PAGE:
I was in London from Thursday primarily to help Bob and Liz Blatchford on their stall to help sell the latest Family and Local History Handbook. The Yorkshire based couple (not sure whether to describe them as from 'up north' or 'down south'!) have been producing the handbook for a while now, this being the 12th edition. There was a special on offer at the show - the current book for £9.99, or the current book, the last book, and the first ten in digital format, all for £15.99 and to say they were flying out of our hands would be an understatement. The show on Friday had over 4000 visitors, and on Saturday had some 5500 attendees, much busier than last year (and last year was busy, believe me). It was quieter on Sunday, but still over 3000 people were there apparently.
I didn't see a single celebrity (but then I'm not there to see celebrities!), but I was delighted that Esther Rantzen made a visit to the Jewish Genealogy Society to have a chat, it made the day for the team there including Jeanette Rosenberg (a former student like myself from Strathclyde University). What I did find, though, was an abundance of new things happening in the world of genealogy - and I met some old acquaintances.
The highlight for me was catching up with John Podpadec, who I had not seen in some 15 years. John is a broadcast television camerman based in Bristol, and a big influence in my early former career within the BBC. Prior to joining the Beeb, I studied a Time Based Media degree course at the University of the West of England, and in our final year, a few of us were given a chance to be mentored in the construction of, and eventual broadcast of, a history based documentary. As well as researching and producing the programme, which was eventually broadcast on HTV West and entitled Impressions of War (about Bristol folk's memories of WW2), we had to actually shoot the thing ourselves. The kit we used was John's, who mentored us for a couple of weeks on how to pull the whole thing together, for which I owe a huge debt, as it confirmed that that really was what I wanted to do for a living back then. Not long after, as a researcher at BBC Bristol, I had the chance to work with him on a 999 episode, filmed in Brittany, France. The man is a hugely gifted cameraman and programme maker - he recently shot one of the last ever interviews with the last Tommy, Harry Patch - and now he's seeking to teach his skills to the family history community.
I also caught up with PRONI, from Northern Ireland - check out their site at http://tinyurl.com/yhoow92 for a new PDF guide to the Church records holdings at PRONI - a major development, as at last there is a comprehencive guide as to which records exist in Ulster, and how they can be accessed at PRONI. A major achievement exceptionally well put together at some 337 pages in length.
Ancestral Atlas (www.ancestralatlas.com) and Arcalife (www.arcalife.com) have come on in a major way since their launches last year, wth some major developments to their respective sites, and Deceased Online has added more English records to its site at www.deceasedonline.com, with more Scottish records on the way soon from one major new authority's participation. The English and Welsh Probate people were there - the upshot of a drink I had with them in the bar is don't hold your breath to see anything appearing on Ancestry soon on the probate front, but do keep your eyes peeled for something from the Probate Service itself in due course.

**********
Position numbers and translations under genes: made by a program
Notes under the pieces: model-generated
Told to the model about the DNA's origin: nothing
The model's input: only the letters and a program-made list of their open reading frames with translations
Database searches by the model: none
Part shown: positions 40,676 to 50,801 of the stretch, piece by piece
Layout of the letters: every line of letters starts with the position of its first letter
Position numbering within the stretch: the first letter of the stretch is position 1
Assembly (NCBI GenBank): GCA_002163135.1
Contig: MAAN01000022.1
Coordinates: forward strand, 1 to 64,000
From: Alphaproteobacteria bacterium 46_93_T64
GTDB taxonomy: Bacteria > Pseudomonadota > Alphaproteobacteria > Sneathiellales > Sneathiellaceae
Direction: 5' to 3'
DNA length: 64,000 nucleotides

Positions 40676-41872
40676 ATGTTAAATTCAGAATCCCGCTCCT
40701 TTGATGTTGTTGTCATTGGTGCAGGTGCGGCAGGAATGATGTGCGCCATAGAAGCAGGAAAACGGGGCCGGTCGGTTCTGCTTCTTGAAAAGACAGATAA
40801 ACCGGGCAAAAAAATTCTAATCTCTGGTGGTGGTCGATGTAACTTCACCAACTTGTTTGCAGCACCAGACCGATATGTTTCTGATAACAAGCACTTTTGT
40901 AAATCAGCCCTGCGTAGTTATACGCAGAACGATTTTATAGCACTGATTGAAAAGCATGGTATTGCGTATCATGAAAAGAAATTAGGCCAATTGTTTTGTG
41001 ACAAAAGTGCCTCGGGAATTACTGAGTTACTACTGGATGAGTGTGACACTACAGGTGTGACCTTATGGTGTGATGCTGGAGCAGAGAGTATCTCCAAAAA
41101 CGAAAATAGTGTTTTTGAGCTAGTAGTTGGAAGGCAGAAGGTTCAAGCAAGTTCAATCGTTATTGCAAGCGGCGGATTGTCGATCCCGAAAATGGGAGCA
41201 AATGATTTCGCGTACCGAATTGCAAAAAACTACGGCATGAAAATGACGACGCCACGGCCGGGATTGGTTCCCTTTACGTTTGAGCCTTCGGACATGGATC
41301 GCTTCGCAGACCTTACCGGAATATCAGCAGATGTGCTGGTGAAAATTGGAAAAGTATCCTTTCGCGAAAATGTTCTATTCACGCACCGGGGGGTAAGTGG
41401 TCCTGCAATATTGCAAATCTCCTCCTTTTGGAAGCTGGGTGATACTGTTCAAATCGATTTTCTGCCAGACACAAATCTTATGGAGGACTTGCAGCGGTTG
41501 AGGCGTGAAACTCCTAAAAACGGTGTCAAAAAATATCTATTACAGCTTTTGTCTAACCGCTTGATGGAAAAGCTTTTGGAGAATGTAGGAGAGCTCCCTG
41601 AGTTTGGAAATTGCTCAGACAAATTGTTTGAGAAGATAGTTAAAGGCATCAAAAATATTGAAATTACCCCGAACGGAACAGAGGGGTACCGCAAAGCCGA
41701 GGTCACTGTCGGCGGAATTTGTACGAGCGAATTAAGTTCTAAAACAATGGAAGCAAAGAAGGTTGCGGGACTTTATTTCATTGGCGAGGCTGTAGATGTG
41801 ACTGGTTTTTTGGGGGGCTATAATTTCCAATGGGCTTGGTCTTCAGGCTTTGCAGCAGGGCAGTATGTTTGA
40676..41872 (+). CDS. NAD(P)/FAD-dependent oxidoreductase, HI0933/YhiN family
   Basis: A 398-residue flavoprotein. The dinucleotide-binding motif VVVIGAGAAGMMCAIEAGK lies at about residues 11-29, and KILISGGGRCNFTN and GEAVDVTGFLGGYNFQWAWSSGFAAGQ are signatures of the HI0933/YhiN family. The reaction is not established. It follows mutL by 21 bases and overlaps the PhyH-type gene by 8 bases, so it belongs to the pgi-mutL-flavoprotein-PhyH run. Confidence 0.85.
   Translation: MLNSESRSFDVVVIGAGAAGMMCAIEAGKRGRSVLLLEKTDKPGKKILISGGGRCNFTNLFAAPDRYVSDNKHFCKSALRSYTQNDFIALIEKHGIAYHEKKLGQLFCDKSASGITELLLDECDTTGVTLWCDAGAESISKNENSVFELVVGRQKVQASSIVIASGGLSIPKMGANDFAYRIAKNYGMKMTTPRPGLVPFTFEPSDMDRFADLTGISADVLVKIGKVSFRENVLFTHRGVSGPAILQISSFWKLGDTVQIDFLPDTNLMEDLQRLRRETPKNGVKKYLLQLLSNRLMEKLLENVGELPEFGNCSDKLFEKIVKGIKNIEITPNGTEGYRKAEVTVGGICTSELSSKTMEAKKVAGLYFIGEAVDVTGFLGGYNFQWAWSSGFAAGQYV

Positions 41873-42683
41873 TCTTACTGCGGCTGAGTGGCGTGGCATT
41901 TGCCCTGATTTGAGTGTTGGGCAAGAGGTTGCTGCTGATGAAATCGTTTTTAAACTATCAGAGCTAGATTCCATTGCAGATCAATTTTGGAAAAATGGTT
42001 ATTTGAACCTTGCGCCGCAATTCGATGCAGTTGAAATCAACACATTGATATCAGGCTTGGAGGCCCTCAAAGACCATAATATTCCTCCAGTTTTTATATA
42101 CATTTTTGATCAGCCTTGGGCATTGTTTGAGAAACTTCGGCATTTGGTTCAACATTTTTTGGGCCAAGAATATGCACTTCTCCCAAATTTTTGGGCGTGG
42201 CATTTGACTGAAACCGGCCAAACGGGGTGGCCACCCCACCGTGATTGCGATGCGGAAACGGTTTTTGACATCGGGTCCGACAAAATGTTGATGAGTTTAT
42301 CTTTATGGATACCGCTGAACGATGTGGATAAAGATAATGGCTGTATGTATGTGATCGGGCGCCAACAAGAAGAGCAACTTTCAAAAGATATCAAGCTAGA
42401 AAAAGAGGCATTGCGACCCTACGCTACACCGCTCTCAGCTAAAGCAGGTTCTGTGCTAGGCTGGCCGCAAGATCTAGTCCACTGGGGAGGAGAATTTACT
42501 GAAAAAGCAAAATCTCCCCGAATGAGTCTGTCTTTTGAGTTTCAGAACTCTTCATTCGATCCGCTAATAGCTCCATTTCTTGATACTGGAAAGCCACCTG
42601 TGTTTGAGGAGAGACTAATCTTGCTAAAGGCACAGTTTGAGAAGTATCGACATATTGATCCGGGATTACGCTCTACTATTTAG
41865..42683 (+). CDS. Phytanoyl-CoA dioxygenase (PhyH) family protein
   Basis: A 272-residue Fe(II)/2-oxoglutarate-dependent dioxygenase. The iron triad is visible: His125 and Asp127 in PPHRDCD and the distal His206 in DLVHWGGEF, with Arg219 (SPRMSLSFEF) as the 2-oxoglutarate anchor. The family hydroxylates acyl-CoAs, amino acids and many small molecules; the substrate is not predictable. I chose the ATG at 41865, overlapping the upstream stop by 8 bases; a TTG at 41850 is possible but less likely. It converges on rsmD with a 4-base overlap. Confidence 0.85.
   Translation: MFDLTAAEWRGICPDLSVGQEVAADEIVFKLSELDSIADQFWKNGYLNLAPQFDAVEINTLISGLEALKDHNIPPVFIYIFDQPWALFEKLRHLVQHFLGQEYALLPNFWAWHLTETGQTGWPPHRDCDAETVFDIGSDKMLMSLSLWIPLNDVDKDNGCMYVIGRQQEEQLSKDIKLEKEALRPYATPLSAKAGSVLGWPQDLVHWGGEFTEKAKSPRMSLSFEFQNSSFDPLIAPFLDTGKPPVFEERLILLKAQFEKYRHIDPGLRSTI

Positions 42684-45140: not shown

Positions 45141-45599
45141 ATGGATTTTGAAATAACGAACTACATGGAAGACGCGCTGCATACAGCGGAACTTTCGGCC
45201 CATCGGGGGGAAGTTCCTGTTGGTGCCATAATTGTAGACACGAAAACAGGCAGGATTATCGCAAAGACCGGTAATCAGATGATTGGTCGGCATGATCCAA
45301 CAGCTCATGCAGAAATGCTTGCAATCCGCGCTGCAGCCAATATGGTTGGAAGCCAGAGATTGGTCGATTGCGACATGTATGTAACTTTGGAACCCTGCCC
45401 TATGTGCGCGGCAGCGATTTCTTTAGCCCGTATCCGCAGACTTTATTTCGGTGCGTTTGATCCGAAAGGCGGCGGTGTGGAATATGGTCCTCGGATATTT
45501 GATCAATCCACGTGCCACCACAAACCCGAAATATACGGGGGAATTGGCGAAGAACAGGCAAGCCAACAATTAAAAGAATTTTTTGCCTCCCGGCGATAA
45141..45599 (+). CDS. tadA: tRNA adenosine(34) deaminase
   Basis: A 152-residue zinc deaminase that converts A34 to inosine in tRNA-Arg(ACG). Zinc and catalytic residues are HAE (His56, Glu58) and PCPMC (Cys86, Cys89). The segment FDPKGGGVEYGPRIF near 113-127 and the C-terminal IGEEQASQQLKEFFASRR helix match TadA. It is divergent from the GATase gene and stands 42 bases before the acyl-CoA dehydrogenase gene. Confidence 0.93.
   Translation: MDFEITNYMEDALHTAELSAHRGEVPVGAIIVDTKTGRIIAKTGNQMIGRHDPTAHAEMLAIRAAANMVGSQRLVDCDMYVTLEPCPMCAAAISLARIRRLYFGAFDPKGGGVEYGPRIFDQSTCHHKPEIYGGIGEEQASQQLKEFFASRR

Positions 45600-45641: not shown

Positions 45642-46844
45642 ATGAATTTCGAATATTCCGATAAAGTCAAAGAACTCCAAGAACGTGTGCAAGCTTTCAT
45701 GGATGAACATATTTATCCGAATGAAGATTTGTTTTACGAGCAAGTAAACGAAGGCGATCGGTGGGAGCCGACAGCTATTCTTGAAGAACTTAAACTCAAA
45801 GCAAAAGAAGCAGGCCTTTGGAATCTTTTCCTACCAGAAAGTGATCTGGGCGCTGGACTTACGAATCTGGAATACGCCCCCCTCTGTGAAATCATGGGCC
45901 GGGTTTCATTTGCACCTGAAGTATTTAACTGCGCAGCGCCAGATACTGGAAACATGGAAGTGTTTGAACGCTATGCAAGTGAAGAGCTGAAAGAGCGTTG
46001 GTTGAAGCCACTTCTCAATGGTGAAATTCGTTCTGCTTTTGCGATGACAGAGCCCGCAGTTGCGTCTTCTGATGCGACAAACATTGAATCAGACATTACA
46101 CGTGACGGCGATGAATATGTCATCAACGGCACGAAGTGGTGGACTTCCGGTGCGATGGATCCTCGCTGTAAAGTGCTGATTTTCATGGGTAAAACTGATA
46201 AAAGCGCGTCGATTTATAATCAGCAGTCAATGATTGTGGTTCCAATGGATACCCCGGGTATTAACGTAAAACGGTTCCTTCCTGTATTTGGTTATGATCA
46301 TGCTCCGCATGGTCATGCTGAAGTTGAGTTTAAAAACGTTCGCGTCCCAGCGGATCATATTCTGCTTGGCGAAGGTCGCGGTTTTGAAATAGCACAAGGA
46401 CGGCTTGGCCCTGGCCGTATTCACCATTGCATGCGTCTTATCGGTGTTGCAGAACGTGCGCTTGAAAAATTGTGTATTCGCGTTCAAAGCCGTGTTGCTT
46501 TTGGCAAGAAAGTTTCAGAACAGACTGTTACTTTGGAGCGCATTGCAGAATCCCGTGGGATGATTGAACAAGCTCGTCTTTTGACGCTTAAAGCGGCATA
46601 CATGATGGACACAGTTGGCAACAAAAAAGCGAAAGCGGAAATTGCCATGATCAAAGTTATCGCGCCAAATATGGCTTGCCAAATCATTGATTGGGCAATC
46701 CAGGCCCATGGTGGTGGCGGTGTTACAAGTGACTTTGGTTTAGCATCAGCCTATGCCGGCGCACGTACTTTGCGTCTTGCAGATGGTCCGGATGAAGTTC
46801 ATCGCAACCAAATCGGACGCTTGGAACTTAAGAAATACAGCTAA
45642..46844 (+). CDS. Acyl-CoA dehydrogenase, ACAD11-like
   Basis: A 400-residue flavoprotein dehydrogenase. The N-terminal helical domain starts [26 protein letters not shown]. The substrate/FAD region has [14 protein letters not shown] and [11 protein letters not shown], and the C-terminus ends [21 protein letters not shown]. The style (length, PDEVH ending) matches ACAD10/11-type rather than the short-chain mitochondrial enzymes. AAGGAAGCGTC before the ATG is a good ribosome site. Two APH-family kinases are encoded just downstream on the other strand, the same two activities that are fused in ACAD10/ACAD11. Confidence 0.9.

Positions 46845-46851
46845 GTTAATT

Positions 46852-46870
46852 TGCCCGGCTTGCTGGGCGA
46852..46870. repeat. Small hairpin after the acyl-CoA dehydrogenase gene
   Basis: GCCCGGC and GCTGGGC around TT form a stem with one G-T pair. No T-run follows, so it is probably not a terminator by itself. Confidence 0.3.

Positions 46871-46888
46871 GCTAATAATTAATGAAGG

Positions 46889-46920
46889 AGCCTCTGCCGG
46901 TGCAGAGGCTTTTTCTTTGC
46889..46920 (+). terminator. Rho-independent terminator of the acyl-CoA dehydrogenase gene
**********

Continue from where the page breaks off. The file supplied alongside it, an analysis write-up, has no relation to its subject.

Flying the flag for Scotland as ever was the ScotlandsPeople and National Archives of Scotland teams, as well as the universities of Dundee and Strathclyde promoting their respective course. I bumped into Alasdair MacDonald, a student who did the Strathclyde course with me a couple of years back, who now works as a tutorial assistant on the courses - his big news is that he is now collaborating with Family Tree DNA as a rep in Scotland. If anyone knows about DNA in Scotland, it's Ali, and he talked me through the new autosomal tests that the company are now marketing. I also met up with Debbie Kennett, another DNA guru, who appeared to have been constantly on the go throughout!
Other notable meetings included a catch up with genealogist Sheena Tait (thanks for the CD Sheena!), a first meeting with genealogist Anthony Adolph (height is not a problem for this man), a first meeting with the lovely Lara Glasspool, Your Family Tree's recently appointed assistant editor, and another person with some decent blood in her (yup, we're talking Caledonian roots here!), and Northern Ireland's very own William Bortrick, the main man at Burkes Peerage, a director and trustee of the SOG and AGRA, with so many credentials to his name that I spent most of my time referring to him as 'my liege'! I also caught up with Penny Law (that much energy should be illegal!), Russell James (laid back), Simon Fowler (flying TNA's flag), Maureen McIntyre (flying her own!), Terry Walsh and Bob Boyd (dutifully taking my new book to the masses!), and, in the dying moments of the show, the vapour trail that was the SOG's Else Churchill, who suddenly stopped and had a quick chat also! :) A very BUSY few days!
I'll be writing up reports for Practical Family History and Discover my Past Scotland, but here's a few pics to whet the old appetite (sounding like Wogan now...! :)